Murder of Mary Anne Hogg

1906, 11 June: One sunny afternoon in June two elderly maiden sisters Miss Mary Anne Hogg aged sixty eight, and Miss Caroline Gwinnell Hog aged sixty two, were found by a postman in their house Heathfield, Camberley, where they had lived alone for some years. They had been brutally attacked. Mary was dead and her sister so seriously injured that it was feared she would die. Police were called and PCs Holdaway and Brown arrived and were joined by Dr Rayner and they started a thorough search of the house. They were later joined by Dr Cadell, the local medical officer of health, who considered that the death had occurred about an hour before his arrival, i.e. about 4.10 pm.

Caroline survived and gave evidence at an inquest a month later. Both had been hit on the head with a hammer wrapped in a piece of merino, and their throats cut with a knife. Even Professor Pepper the Home Office pathologist was unable to give much assistance. There was a careful search of the house and garden; checks made for missing people from asylums; interviews of scores of residents; investigation of the movement of known criminals who from previous convictions may have been involved. A large reward was offered but there was no resolution of this case.

On the 25th June at the inquest the Coroner said: "The public must bear in mind that however astute a detective might be, and however anxious the police might be to unravel the mystery, they could not do impossibilities. They might have seen the murderer, or even passed him over and over again, but it must be remembered that he did not show murder in his face, or bear a placard telling the nature of his crime, and it was only by piecing facts together that the police would be able eventually to lay their hands on the murderer". Scotland Yard were called in for the first and last time by Captain Sant. Scotland Yard deployed Chief Inspector Fox and Superintendent Simmonds from Surrey worked with him.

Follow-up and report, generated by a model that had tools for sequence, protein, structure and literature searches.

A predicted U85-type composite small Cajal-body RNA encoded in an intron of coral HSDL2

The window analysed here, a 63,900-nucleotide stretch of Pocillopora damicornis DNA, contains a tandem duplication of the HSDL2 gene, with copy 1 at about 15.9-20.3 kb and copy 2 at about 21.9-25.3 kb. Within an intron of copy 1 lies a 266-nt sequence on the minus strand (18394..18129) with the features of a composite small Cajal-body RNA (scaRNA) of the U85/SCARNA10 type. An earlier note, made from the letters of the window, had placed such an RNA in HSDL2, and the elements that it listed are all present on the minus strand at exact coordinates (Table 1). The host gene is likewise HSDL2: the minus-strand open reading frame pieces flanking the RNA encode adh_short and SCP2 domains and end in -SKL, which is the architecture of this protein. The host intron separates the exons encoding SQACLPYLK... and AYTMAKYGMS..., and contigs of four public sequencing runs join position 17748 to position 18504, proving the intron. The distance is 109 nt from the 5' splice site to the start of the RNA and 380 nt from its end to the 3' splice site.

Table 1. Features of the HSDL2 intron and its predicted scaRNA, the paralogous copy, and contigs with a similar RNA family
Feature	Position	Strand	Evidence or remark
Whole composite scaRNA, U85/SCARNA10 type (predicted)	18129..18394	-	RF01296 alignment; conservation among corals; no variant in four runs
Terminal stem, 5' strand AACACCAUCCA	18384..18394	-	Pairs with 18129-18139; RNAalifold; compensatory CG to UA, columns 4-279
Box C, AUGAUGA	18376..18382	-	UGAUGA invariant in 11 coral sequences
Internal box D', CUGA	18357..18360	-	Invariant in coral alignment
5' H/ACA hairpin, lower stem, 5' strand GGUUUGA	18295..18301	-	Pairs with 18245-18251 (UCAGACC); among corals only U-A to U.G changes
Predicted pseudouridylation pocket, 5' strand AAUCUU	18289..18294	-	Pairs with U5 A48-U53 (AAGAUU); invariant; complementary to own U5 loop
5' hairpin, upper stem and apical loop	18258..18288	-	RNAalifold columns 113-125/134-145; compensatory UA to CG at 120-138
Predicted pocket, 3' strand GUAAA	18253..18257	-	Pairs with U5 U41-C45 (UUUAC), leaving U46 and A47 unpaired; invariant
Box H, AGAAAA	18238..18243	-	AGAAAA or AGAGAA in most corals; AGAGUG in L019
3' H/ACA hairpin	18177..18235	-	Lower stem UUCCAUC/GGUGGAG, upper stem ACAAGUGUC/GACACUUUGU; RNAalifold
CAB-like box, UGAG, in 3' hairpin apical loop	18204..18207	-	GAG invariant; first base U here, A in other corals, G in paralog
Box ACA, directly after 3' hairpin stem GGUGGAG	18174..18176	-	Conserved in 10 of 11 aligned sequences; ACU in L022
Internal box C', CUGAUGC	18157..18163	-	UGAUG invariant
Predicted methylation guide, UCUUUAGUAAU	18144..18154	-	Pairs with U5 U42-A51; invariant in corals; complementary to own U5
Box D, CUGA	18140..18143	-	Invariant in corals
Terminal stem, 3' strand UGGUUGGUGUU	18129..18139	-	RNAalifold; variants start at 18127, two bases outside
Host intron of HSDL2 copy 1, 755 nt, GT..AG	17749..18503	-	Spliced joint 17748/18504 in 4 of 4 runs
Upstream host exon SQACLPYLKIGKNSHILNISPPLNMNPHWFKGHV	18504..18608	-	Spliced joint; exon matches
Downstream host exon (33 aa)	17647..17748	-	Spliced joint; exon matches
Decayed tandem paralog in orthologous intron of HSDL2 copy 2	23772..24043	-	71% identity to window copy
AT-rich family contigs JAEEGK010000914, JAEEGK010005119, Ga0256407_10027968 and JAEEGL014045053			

Sgt Thomas Mears, in charge of Camberley police station in 1906.

Camberley News (1981) reproduced in Off Beat, March 1980: Some time between 4 pm and 4.30 pm on Monday June 11th Miss Caroline Hogg was seen running into the grounds of her home bleeding profusely from the throat and shouting: "I'm murdered, I'm murdered!" Later the body of her half sister was discovered lying in a pool of blood in the hall of the house. Her throat had been cut with one long stroke extending from just below the left ear to the right; so severe was the cut that the head was half severed from the body. On the back of the head was a wound caused by a terrific blow while her temple bore marks of blows from a dull instrument. The body was still warm and in her hand was a broken bricklayer's hammer. Caroline had head wounds in addition to the cut on her throat.